According to sources close to Hillary Clinton and her campaign staff, newly-announced candidate for president recently had an epic Clinton-esque meltdown over the disastrous roll-out of her campaign as well as, by implication, Rush Limbaugh and Sean Hannity’s coverage of same. While choosing to remain anonymous for fear of obvious reprisal, the source described the mood among staffers as uptight and anxious.
After announcing her candidacy for president on Sunday, April 11, Clinton’s campaign has experienced a number of missteps and miscalculations. From being accused of using Democratic operatives as regular, everyday people to her apparently less-than-cordial interaction with employees at an Ohio fast-food restaurant, the candidate has been portrayed by Limbaugh and Hannity as not just out-of-touch, but actively aggressive, with the common, everyday and ordinary American citizen. Listen to Hannity, for example, and one hears an almost three-hour litany of accusations that Clinton is arrogant, brash, rude, unduly ambitious, overly political, calculating and outright hostile toward the very people she claims to want to represent.
Both Limbaugh and Hannity have detailed Clinton’s record in politics while portraying her as being in the race for very selfish purposes. While the two top-rated radio personalities are themselves known for their own bombast and agenda-driven rhetoric, Clinton feels they are taking personal liberties with their over-the-top criticisms.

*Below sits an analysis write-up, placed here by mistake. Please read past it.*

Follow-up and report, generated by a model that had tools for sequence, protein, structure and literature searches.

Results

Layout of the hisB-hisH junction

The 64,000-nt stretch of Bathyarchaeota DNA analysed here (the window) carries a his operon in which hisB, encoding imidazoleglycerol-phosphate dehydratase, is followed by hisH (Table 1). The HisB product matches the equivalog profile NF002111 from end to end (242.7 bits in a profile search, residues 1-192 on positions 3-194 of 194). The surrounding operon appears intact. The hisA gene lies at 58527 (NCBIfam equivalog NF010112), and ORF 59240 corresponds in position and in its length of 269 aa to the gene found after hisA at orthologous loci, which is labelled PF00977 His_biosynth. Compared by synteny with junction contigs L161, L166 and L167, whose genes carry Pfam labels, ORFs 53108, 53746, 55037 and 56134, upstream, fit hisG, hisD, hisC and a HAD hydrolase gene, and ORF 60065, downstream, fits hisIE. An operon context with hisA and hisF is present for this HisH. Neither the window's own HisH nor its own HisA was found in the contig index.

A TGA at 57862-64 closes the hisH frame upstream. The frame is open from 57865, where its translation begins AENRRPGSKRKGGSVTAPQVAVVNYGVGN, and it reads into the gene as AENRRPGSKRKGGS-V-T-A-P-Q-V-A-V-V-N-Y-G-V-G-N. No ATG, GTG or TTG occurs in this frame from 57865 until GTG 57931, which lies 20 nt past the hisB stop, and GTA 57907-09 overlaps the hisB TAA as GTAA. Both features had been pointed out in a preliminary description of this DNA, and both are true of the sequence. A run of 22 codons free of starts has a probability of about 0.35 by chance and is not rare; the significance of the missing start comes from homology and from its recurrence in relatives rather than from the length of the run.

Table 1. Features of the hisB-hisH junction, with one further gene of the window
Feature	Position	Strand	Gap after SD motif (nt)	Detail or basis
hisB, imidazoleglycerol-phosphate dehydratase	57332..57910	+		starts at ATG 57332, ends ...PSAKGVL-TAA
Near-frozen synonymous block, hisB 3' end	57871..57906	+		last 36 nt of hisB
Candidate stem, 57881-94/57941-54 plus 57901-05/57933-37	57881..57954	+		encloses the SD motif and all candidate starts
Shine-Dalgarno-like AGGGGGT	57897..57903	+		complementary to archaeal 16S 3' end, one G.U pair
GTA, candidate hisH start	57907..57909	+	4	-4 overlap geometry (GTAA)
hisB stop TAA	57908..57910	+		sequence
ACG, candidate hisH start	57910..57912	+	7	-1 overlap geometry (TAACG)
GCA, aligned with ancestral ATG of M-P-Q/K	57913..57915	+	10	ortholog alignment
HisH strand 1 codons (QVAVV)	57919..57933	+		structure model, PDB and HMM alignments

The problem, the source suggests, is that Clinton expected from the outset, after a painstaking pre-announcement process that included poll numbers and demographic information on an almost infinite amount of topics and issues, that she had her ducks in a row. However, consistent with her portrayal in numerous sources, Clinton refuses to admit culpability in anything that goes wrong. The epic meltdown directed at staff, Limbaugh and Hannity appears to validate this claim.
Her staff, recently mobilized for campaign duty, could see this coming, as every aspect of the roll-out had been choreographed, vetted and objectified. It was always clear that, because the process and logistics were so detailed and micro-managed by Clinton, that something would not go as planned, but the epic nature of the missteps and miscalculations have been stunning.
Clinton’s poll numbers are not where she herself has demanded they be, and, because her disastrous rollout has been so intensely covered, she feels as if the campaign has unnecessarily gifted conservative radio, the Republican establishment and general haters, a loaded gun. To counter the growing negative perception and energy surrounding her campaign, the plan is to, in coming days, stage events that have the feel of the extemporaneous. The curious irony here appears to be lost only on the candidate herself.
For journalists covering the campaign, there is always the threat of falling into the mundane and routine. Campaign coverage is, for many journalists, the best and worst kind of work. On the one hand, there is a certain romance associated with following a front runner and seeing history in the making. On the other hand, it can be the most feared of assignments, as the routine can become the stuff of mind-altering boredom and dreams and fantasies of far-off places. As her latest Clinton-esque meltdown directed at staff, Limbaugh and Hannity, et al, can attest, this particular campaign may end up being the best gig in town.
Opinion By Matthew R. Fellows
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